What's the difference between i.e. and e.g.?
late 14c., mussillage, "viscous substance found in vegetable material," from Old French mucilage (14c.), from Late Latin mucilago "musty or moldy juice" (4c.), from Latin mucere "be musty or moldy," from mucus "mucus" (see mucus). Meaning "adhesive" is first attested 1859.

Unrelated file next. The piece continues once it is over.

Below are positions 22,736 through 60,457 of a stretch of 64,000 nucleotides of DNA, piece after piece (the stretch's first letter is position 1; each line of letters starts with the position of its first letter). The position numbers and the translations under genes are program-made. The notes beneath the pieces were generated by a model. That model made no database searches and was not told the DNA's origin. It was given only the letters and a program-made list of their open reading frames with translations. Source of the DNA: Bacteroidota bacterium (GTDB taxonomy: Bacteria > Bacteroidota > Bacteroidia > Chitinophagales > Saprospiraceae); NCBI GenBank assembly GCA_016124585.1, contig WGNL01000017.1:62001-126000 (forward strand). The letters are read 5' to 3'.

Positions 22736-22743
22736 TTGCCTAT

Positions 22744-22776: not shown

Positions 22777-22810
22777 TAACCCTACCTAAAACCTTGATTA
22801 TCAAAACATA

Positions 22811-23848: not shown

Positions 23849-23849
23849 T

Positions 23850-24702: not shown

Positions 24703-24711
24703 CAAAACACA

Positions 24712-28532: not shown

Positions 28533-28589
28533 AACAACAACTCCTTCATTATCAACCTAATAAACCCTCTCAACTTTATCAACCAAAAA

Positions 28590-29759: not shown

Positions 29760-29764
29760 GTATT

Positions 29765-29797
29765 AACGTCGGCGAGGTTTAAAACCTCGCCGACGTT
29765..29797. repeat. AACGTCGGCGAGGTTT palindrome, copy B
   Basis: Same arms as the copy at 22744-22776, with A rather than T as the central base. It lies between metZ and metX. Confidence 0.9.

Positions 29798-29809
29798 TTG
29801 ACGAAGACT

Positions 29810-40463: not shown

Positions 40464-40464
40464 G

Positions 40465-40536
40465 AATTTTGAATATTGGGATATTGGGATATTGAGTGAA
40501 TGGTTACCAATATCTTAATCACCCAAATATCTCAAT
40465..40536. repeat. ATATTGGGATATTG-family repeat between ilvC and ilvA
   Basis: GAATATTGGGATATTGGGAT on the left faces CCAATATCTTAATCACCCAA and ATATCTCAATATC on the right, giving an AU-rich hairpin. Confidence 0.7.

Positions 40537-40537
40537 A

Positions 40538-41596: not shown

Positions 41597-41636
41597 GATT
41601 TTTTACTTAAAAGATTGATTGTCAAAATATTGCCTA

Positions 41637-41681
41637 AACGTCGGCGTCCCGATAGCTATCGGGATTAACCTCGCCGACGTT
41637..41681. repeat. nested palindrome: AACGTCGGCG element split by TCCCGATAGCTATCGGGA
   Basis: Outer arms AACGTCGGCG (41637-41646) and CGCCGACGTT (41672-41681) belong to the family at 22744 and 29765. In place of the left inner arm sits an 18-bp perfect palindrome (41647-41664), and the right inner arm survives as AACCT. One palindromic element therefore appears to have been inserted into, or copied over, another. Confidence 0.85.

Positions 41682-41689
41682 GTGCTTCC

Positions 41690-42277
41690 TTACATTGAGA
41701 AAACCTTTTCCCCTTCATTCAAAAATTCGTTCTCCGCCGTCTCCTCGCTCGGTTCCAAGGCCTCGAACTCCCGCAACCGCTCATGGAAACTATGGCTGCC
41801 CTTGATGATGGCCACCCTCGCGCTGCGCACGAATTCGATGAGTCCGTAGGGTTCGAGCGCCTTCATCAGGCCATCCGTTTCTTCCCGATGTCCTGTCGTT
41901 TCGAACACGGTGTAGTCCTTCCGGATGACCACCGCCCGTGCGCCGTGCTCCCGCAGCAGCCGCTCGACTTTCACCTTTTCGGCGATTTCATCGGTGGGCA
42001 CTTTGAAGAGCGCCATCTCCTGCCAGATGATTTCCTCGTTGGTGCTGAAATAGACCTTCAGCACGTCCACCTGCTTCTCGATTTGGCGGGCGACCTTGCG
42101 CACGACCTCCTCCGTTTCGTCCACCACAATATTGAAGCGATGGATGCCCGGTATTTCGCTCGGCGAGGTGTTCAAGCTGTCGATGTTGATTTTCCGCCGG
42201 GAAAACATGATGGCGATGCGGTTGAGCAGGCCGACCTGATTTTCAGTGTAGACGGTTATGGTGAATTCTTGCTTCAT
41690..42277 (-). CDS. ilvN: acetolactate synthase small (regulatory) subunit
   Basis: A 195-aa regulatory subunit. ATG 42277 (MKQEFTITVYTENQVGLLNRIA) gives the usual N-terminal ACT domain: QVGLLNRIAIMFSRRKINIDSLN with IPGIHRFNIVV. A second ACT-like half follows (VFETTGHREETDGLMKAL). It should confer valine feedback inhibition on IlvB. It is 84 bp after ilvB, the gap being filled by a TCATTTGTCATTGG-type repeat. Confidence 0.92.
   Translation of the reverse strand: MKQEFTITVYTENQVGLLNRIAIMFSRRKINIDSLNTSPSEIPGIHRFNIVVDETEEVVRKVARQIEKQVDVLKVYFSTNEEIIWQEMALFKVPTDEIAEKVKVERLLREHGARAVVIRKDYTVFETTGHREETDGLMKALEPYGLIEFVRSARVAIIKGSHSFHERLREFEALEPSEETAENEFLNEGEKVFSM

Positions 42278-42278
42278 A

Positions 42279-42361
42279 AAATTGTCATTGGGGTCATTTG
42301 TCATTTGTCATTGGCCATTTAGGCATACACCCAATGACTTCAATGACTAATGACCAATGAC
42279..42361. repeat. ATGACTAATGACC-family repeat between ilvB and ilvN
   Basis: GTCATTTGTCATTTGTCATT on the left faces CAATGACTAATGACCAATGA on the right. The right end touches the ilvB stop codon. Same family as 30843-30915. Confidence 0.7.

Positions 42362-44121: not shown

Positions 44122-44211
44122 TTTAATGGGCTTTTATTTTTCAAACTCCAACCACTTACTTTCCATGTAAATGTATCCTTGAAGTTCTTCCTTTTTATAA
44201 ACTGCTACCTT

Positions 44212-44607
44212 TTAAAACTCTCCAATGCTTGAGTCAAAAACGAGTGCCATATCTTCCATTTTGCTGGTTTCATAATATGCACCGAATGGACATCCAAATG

mucilage mu·ci·lage (myōō'sə-lĭj)
A viscid preparation consisting of a solution of a plant-based gum in water and used in pharmacy as an excipient.